Some of us feel we were born in the wrong era. Others are convinced there was some cosmic mix-up when they look around at the folks they call family. For Dane Maria Toft, she has an inkling that in another life France was home. Childhood vacations to Paris and the Cote d’Azur reinforced that feeling, as Toft grew to appreciate everything Gallic, from food to films.
Originally from a town just outside Copenhagen, Toft has long resided in the capital’s Frederiksberg district, an upscale area with plenty of green space and a small-town ambiance. “You have amazing old buildings, cool cafes and must-visit restaurants,” relates Toft. “It’s like a mini Paris. I couldn’t imagine living elsewhere.”
After years of representing French and Danish fashion brands, Toft – who has long made a habit of frequenting flea markets across France to decorate her home – decided to open her own home furnishings business: Boho Habits. Chock-a-block with vintage furniture, housewares, textiles and objet d’arts, the shop mirrors the eclectic dynamism that radiates throughout the commodious, sunlit rooms of her own apartment.
Bohemian at heart, Toft practices an intuitive, often in-the-moment approach to collecting the things that define her environment – one that is not so easily defined. There’s a rough-around-the-edges romanticism to her interiors, something akin to the quality expressed many years ago in photographer Deborah Turbeville’s book “Unseen Versailles.” And it’s just not the things she assembled that create an allure, but the way they are dispersed. She may hang art salon-style, but the pictures in that panoply are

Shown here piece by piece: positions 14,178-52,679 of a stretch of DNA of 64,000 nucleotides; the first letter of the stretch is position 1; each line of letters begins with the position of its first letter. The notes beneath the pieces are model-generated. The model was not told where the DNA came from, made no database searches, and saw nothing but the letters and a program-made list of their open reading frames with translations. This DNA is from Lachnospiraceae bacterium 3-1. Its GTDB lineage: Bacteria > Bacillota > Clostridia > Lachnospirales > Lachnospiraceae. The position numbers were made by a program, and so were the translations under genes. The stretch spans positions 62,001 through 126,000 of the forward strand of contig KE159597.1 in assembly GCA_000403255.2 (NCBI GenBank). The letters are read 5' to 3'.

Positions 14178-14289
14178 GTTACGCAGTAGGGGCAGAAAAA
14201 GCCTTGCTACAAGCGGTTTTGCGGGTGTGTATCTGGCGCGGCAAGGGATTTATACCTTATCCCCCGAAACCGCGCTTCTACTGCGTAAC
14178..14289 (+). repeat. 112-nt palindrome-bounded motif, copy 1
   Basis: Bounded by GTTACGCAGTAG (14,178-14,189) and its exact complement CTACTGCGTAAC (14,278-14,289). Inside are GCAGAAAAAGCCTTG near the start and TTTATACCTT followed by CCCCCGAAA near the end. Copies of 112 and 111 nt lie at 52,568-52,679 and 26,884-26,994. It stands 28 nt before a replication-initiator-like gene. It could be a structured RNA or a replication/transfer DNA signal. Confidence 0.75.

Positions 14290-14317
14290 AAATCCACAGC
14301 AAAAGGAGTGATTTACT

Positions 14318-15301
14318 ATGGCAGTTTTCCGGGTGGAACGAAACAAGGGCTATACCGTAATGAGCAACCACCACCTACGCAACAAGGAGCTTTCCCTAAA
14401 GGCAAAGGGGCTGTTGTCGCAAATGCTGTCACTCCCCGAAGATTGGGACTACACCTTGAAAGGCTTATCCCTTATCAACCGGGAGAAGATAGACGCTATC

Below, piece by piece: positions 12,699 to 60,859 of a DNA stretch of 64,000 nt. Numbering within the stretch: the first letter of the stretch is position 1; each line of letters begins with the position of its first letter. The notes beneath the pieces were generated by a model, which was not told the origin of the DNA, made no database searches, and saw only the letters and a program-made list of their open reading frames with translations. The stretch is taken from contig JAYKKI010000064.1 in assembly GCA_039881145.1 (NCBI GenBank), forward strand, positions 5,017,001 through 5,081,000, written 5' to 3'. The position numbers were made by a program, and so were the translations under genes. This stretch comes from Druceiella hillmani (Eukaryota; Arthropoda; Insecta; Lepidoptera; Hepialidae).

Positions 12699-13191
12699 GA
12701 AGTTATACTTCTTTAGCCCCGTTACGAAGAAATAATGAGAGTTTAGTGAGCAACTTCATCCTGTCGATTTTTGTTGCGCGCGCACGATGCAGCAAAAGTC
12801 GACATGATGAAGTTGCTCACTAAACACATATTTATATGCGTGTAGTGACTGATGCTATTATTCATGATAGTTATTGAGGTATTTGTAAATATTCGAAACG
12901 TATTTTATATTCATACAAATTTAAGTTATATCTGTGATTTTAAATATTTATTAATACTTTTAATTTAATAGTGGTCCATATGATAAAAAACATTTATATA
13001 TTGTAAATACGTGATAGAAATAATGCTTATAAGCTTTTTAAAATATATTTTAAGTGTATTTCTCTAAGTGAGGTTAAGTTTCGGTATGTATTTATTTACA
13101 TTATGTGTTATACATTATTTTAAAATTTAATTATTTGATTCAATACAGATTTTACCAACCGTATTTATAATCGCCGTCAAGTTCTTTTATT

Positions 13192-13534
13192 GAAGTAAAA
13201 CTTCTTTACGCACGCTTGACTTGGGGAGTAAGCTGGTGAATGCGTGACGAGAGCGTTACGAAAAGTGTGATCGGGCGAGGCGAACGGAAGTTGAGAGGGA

as disparate as can be. A massive urn that would be the focal point of a well-orchestrated garden, sits untenanted in a corner of her dining room. In the salon, a take-a-load-off bergère seems to wander away from its companion sofa and coffee table.
It’s not that Toft doesn’t have some idea of what she wants to achieve in a room; it’s just that she never knows, for example, whether it’s a secretary or a torchiere that will give that corner the sense of height it needs. All sorts of things find their way into Toft’s home – a stag’s head, a fencing mask – objects that many of us might be intrigued with but would not know what to do with. There’s a painted wood table so worn it looks like it ought to be doing duty as a workbench in a garage, as well as an Art Deco beauty topped with peach-hued glass. If ever a home were greater than the sum of its parts, it’s Toft’s. “Decorate with your heart,” she urges, “surround yourself with the things you find important, without thinking if they are right or a trend. Mix, in all ways – patterns, textures, colors. More is more.”
Photography by Iben Ahlberg.
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